LONDON — Integrated Device Technology (IDT) has announced a strategic partnership with Bangalore, India-based startup Steradian Semiconductor to deliver its first ultra-high-resolution 4D mmWave imaging radar chip for industrial, security, medical, and autonomous vehicle markets.

The chip is developed by a team of ex-Qualcomm and Texas Instruments alumni based in India who have over 50 patents between them ranging from GPS to LTE-Advanced.

The five of them co-founded fabless semiconductor company Steradian Semiconductor two years ago and have just received $1 million in funding from Indian early-stage venture capital firm Endiya Partners, a VC firm that has backed a number of other emerging Indian tech companies, including one developing an AI processor co-founded by Vinod Dham and another using AI and CMOS image sensors for intelligent medical screening.

Through the partnership, IDT will offer the SenseVerse SVR4410 IC, a multi-channel high-resolution MIMO radar device that operates in the 76- to 81-GHz frequency band offering what the company says is superior interference performance and the highest number of channels per device in the industry (however, there is no data sheet on the website at the time of this writing to substantiate numbers). With integrated beamforming and support for multi-device aggregation, the SVR4410 provides best-in-class angular resolution, range, and power consumption in a very small form factor. The two companies are collaborating on a series of roadmap ICs with increasing levels of integration and enabling customers’ adoption by means of providing radar modules with integrated antennas, transceiver ICs, radar processing ICs, and DSP algorithms.

EE Times spoke to two of the co-founders of Steradian Semi, CEO Gireesh Rajendran and CTO Ashish Lachhwani, who explained how they came to the startup. Rajendran said, “We saw a lot of activity in lidar, but with our experience in sensors and the growth in interest we observed in autonomous vehicles, we decided to focus on the radar. Production is already well-established, but we felt that it lagged on the performance side.” He added, “High-resolution radar imaging is already established in satellite imaging, so we wanted to develop it at a cost and form factor that enabled real-time high-resolution imaging in automotive environments.”

Lachhwani continued, “Radar has been in use in automotive applications for some time but mostly as a warning system as opposed to detecting objects. At 80 GHz, the aperture needs to be very wide to get the resolution to be able to, say, distinguish two human beings standing next to each other or to differentiate between stationary and moving objects. We are aiming to achieve one-degree resolution as opposed to other systems today, which only achieve 8- to 10-degree resolution.”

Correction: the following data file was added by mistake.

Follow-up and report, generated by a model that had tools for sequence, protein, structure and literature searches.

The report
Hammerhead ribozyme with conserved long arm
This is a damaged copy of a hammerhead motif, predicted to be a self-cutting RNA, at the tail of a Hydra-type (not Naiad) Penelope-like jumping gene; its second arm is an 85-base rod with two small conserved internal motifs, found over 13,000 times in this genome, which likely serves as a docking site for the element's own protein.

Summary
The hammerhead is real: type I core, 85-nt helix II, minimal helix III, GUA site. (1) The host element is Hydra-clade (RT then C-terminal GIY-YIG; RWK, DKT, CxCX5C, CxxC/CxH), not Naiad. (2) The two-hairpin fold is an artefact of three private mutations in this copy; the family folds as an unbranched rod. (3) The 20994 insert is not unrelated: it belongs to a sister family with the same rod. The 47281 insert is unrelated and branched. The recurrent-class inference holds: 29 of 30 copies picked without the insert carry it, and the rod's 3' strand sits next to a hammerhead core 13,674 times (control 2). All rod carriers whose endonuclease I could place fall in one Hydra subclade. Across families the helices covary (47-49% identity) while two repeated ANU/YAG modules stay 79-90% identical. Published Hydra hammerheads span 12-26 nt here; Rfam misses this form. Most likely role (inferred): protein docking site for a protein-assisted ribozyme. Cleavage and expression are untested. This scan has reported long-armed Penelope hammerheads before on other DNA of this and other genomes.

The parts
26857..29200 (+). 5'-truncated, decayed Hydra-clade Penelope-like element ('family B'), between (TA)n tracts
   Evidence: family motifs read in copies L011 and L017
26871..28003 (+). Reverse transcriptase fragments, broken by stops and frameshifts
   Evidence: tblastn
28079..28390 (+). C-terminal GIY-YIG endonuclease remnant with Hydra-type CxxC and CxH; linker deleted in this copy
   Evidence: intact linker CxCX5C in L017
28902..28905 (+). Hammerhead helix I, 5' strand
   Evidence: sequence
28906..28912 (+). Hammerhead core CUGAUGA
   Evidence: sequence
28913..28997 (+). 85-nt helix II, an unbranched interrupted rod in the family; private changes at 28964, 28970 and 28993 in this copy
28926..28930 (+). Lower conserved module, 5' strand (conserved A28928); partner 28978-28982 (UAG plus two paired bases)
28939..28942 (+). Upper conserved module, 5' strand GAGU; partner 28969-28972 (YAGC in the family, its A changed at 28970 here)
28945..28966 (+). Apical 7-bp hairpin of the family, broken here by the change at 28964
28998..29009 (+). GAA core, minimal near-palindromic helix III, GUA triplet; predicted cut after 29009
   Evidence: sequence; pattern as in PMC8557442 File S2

We asked how the solution differs to those of, say, TI and Arbe Robotics. Without being specific, Lachhwani said that some of the others are addressing near-field communication applications in the 3- to 10-GHz band. “We demonstrated a 24-GHz imaging radar prototype last year to prove the algorithms. In this, we could clearly see a point cloud and were able to figure out an object’s width and height. We’ve now taped out an RF IC for 79 GHz.”

This is the IC that will be offered by IDT, which offers one-degree resolution and a reach of 300 m. Steradian says that the IC, to be produced on a 28-nm TSMC process, integrates synthesizers and transceivers; the processing is currently on an Arm-based FPGA, but its roadmap will eventually put this in a DSP.

Sailesh Chittipeddi, IDT’s executive vice president of global operations and chief technology officer, said IDT’s SenseVerse radar family "will add new dimension to sensing and vision, causing a disruptive change in Industry 4.0 and similar end markets needing high-resolution solutions."

Chittipeddi said IDT's imaging radar architecture based on mmWave technology "will be key to reliable and autonomous operation in various climatic conditions and continues IDT’s tradition of delivering high-value-added solutions for its customers.”

Rajendran added, “IDT’s SenseVerse radar family offers all-weather high-resolution sensing and will enhance and complement human and computer vision. IDT’s SVR4410 and roadmap ICs, together with Steradian’s RF expertise, will offer exceptional value to a wide variety of application spaces.”

IDT says that its SenseVerse radar products are currently sampling at selected customers.

— Nitin Dahad is a European correspondent for EE Times.